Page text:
MacDougall’s finished their auctions first, and saw 60% of lots go unsold. The sale made a total of $7.68 million, falling short of a presale estimate of nearly $18 million. Antiques Trade Gazette reported that, “in terms of picture sales only MacDougall’s, with a premium-inclusive total of £8.1m, just outsold Christie’s for the second time running.” Overall, however, Christies fared slightly better, selling %55 of their lots. The sale made $16.2 million, well below the low estimate of $28 million. Natalia Goncharova’s Still Life with Watermelons was the top lot, selling for $2.3 million . Even extremely hip painters like Goncharova, however, are not immune to the slowing of the market. Another of her paintings at the sale, Abstract Composition with Palate, did not sell.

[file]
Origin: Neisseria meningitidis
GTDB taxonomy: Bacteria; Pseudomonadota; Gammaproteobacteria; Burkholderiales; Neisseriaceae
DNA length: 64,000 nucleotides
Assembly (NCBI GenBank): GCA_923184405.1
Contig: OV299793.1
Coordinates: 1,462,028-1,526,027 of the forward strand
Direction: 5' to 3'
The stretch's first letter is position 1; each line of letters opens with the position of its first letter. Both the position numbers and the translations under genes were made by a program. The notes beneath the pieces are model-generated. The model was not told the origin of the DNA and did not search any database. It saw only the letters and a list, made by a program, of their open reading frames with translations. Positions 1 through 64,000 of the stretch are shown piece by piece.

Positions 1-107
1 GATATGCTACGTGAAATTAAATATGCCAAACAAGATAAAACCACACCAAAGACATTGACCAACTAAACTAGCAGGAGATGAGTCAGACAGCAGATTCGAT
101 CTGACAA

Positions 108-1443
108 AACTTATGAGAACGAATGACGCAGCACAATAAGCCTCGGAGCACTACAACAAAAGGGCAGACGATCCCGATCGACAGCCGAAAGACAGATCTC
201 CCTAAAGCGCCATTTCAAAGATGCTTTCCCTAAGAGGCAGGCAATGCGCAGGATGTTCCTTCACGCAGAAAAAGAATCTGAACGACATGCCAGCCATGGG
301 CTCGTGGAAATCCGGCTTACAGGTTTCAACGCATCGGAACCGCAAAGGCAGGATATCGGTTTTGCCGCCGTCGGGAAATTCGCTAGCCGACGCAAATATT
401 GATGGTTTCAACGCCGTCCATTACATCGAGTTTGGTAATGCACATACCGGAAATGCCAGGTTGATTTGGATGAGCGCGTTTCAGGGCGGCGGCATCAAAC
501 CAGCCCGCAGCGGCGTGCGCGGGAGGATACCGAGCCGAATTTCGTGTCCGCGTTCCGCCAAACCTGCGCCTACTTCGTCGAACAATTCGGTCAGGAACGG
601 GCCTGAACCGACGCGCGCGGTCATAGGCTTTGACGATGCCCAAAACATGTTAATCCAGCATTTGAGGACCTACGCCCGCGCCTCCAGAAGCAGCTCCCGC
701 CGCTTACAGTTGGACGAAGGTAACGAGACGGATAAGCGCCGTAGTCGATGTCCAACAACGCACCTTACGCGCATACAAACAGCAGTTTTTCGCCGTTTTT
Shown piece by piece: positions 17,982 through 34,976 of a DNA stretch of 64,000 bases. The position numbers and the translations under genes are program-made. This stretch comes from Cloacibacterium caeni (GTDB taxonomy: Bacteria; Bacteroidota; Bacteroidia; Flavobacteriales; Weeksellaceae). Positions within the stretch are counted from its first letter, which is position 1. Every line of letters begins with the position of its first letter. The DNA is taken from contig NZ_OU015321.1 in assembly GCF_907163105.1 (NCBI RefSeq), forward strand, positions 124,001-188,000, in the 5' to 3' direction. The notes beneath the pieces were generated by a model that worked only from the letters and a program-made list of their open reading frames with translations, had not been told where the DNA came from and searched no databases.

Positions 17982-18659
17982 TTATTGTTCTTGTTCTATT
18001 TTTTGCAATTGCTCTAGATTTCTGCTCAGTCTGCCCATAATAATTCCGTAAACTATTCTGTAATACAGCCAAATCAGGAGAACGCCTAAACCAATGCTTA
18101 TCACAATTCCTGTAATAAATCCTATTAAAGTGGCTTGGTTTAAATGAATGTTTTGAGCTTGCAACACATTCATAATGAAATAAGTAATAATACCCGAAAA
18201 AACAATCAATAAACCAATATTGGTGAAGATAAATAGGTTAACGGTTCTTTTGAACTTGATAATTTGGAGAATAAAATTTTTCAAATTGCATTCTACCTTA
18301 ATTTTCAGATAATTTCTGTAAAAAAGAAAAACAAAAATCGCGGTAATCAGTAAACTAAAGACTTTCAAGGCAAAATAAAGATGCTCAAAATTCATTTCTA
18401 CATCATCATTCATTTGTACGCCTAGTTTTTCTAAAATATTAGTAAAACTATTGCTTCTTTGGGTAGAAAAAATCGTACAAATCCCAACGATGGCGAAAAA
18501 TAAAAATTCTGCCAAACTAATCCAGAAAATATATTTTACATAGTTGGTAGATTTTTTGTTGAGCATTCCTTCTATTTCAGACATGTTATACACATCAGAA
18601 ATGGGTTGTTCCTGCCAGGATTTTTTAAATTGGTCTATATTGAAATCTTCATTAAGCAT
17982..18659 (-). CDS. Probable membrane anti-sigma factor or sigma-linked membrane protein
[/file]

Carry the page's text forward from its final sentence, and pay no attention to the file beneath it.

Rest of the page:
Sotheby’s Russian Art Evening sale was fairly successful. Jo Vickery, the head of Sotheby’s Russian department gave a summary of the results: “Given the current state of the economic climate, we are very pleased with the total achieved for this evening’s auction which fell just short of its low estimate of £17 million. Eight new artist records were established and 30% of the buyers in the sale were not only new to Sotheby’s but also came from the CIS, which is extremely encouraging and demonstrates that there continues to be an active market for Russian Art. Works by Roerich performed particularly well and high quality paintings by the blue-chip 19th- and early 20th-century Russian artists, such as Konchalovsky, Polenov and Larionov continue to be in demand.”